Trang chủ SMore review Good contours = dad study, dashed traces = mom studies

Good contours = dad study, dashed traces = mom studies

Good contours = dad study, dashed traces = mom studies

Profile step 1. High Sex X Accessory classification (AAI) off Rejecting and Neglecting caregiving (possible choices balances), and Frustration to your co-moms and dad (feeling measure), coded from the P-CAI interview.

Figure step one. Tall Sex X Connection class (AAI) regarding Rejecting and you can Forgetting caregiving (possible behavior scales), and you will Fury with the co-mother (disposition size), coded regarding P-CAI interviews.

Univariate negative effects of AAI class, and further article-hoc reviews, is actually displayed within the Dining table 4. As the hypothesized (H2), there’s a great deal more idealization and you can derogation of your link to the child certainly parents categorized due to the fact Dismissive regarding connection (AAI/D), and you can alot more outrage for the the little one and rage into new co-parent one of parents categorized due to the fact Possessed (AAI/E). Given that hypothesized (H3), parental shame was higher certainly one of mothers classified once the Possessed in respect to attachment (AAI/E) in addition to highest for mothers dismissive regarding attachment (AAI/Ds), as compared to independent (AAI/F) mothers. As well as guaranteeing all of our hypothesis (H4), preoccupying attitude of being denied because of the child have been highest among parents whose latest connection representations have been classified since the Dismissive (AAI/Ds).

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Desk cuatro. Differences in parents’ preoccupying emotions out-of getting rejected, outrage, parental guilt, and you will idealization, dependent on their AAI-group (Letter = 77).

To address hypothesis smore 5 concerning differences between mothers’ and fathers’ probable caregiving behaviors as revealed in their caregiving representations, MANOVA was carried out with P-CAI probable parenting behaviors loving, rejecting, neglecting and involving (role-reversing) as dependent variables, parent gender (father vs. mother) and parent AAI-classification (Dismissive vs. Preoccupied vs. Autonomous) as grouping variables. Also here, co-parent attachment scriptedness (ASA) was entered as covariate. Besides the expected main multivariate effect of AAI classification (Wilks’?, F(8, 134) = 7.72, p < .0001, ? 2 = .316) on caregiving behaviors, the analysis did reveal a multivariate effect of parent gender (Wilks'?, F(cuatro, 67) = 3.26, p = .017, ? 2 = .163), and also a multivariate gender X AAI-classification interaction effect (Wilks’?, F(8, 134) = 2.57, p = .012, ? 2 = .133). The univariate tests uncovered that both these effects concerned differences, between fathers and mothers, in probable parental rejecting behavior (Mfathers = 2.42, SD = 1.92, Mmothers = 1.74, SD = 1.28). Among parents with Dismissive (AAI/Ds) current attachment representations, there were more rejecting (Figure 1(b)) and more neglecting (Figure 1(c)) behaviors described by fathers in the P-CAI interview, compared to mothers. The multivariate effect of co-parent attachment scriptedness (ASA) was also significant (Wilks’?, F(4, 67) = 4.03, p = .006, ? 2 = .194). Subsequent univariate analysis revealed effects on probable loving (F(step one, 70) = , p < .0001, ? 2 = .186) and rejecting (F(step one, 70) = 6.12, p = .015, ? 2 = .080), but not on neglecting and involving behaviors. Thus, elaborate and readily available attachment scripts in the co-parent are associated with more evidence of probable loving and less evidence of probable rejecting caregiving behaviors in the interviewed fathers’ and mothers’ caregiving representations.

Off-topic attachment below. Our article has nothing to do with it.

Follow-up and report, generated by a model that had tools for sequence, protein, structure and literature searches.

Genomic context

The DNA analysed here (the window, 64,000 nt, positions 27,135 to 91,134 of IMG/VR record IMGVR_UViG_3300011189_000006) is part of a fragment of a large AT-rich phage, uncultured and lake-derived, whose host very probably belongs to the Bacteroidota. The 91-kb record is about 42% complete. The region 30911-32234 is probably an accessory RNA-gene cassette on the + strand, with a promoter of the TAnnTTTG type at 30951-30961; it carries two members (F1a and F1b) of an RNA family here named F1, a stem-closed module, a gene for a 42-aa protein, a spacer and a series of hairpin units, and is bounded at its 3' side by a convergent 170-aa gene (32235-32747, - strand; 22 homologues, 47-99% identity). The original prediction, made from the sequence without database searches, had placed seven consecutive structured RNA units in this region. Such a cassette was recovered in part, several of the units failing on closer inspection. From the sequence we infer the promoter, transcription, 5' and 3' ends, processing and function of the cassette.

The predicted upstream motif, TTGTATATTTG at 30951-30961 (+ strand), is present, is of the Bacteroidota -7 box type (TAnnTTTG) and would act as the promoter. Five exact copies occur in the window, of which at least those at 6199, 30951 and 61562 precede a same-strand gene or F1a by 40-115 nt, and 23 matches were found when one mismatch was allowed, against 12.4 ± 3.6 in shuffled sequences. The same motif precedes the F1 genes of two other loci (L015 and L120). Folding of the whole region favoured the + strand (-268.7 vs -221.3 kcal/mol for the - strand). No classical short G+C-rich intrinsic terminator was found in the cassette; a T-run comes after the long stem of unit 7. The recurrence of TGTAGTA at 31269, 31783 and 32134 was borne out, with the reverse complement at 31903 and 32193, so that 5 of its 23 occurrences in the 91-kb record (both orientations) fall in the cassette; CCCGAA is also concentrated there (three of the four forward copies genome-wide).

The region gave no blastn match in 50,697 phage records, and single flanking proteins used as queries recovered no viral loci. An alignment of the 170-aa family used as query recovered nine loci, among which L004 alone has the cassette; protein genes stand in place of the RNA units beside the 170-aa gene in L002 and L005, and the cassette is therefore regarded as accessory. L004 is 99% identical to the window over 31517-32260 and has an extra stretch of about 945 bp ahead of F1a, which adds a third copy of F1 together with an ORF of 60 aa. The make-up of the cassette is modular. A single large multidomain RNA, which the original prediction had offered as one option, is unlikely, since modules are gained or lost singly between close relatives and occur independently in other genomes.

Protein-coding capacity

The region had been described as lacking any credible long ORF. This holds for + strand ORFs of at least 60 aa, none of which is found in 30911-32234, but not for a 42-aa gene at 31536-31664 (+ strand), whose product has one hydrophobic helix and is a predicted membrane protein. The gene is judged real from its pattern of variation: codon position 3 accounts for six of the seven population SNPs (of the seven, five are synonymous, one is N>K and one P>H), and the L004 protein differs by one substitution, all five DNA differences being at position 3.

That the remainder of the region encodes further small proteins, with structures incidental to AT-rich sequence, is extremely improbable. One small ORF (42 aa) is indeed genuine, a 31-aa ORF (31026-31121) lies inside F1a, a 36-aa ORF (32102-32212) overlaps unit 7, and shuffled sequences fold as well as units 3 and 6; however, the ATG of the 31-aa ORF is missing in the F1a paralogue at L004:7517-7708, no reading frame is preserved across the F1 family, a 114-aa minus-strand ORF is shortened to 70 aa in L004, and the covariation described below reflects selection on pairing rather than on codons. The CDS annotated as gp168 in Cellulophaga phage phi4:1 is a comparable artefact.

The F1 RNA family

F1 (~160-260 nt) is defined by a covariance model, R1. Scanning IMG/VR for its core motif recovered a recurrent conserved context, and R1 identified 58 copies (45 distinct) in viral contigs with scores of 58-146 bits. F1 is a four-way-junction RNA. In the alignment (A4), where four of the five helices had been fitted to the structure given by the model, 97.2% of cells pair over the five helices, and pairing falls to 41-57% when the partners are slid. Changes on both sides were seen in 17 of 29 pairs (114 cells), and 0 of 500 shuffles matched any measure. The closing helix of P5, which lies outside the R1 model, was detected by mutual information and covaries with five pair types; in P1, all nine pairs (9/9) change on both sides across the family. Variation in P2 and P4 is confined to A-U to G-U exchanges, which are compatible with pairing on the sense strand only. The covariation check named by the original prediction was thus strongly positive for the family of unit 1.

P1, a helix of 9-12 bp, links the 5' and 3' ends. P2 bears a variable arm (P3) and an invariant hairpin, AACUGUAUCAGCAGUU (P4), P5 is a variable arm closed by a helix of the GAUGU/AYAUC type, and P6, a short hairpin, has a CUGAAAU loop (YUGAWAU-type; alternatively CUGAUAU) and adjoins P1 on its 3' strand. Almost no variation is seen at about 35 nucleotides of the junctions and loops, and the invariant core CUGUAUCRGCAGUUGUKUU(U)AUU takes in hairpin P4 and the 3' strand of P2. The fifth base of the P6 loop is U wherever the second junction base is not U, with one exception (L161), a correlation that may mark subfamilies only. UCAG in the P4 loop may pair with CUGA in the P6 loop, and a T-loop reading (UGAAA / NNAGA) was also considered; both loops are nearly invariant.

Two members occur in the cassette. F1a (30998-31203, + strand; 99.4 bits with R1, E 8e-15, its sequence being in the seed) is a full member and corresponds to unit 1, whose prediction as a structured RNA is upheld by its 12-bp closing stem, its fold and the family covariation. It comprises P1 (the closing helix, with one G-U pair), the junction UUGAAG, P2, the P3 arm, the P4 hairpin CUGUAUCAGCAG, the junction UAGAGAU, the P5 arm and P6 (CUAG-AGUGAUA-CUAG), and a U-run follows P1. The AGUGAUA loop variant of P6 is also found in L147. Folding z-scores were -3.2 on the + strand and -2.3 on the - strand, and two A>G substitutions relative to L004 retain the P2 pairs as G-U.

Desk 5 merchandise a listing of part of the results of father or mother intercourse and you may parent connection category, correspondingly, and you may interactions between them, plus results of co-mother or father attachment scriptedness, about a lot more than analyses.

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In a final, exploratory round, and drawing upon the finding that probable experiences of a rejecting father were negatively associated to parents’ chances of receiving an Autonomous classification with respect to their own caregiving representations (P-CAI/F), the possibility of differences in mothers’ and fathers’ childhood experiences of rejection by their fathers was tested. ANOVA with parent gender (male vs. female) and P-CAI classification (Autonomous vs. Dismissive vs. Preoccupied) as grouping variables, and the AAI subscale coding probable rejection by the father as dependent variable was carried out. In addition to a main effect of parent gender (F(step one, 70) = 8.81, p < .005, ? 2 = .11) indicating that, compared to mothers, fathers' adult attachment representations (AAI) included significantly higher amounts of rejection by their own fathers (Mfather = 3.57, SD = 2.29; Mmother = 2.61, SD = 1.89), the analysis revealed a tendency of a P-CAI classification X gender interaction (F(dos, 70) = 2.92, p < .06, ? 2 = .09). Among parents whose caregiving representations were classified as Dismissive or Preoccupied with respect to parental caregiving, fathers reported childhood experiences of rejection by their fathers to a larger extent than mothers did (Figure 1(d)).

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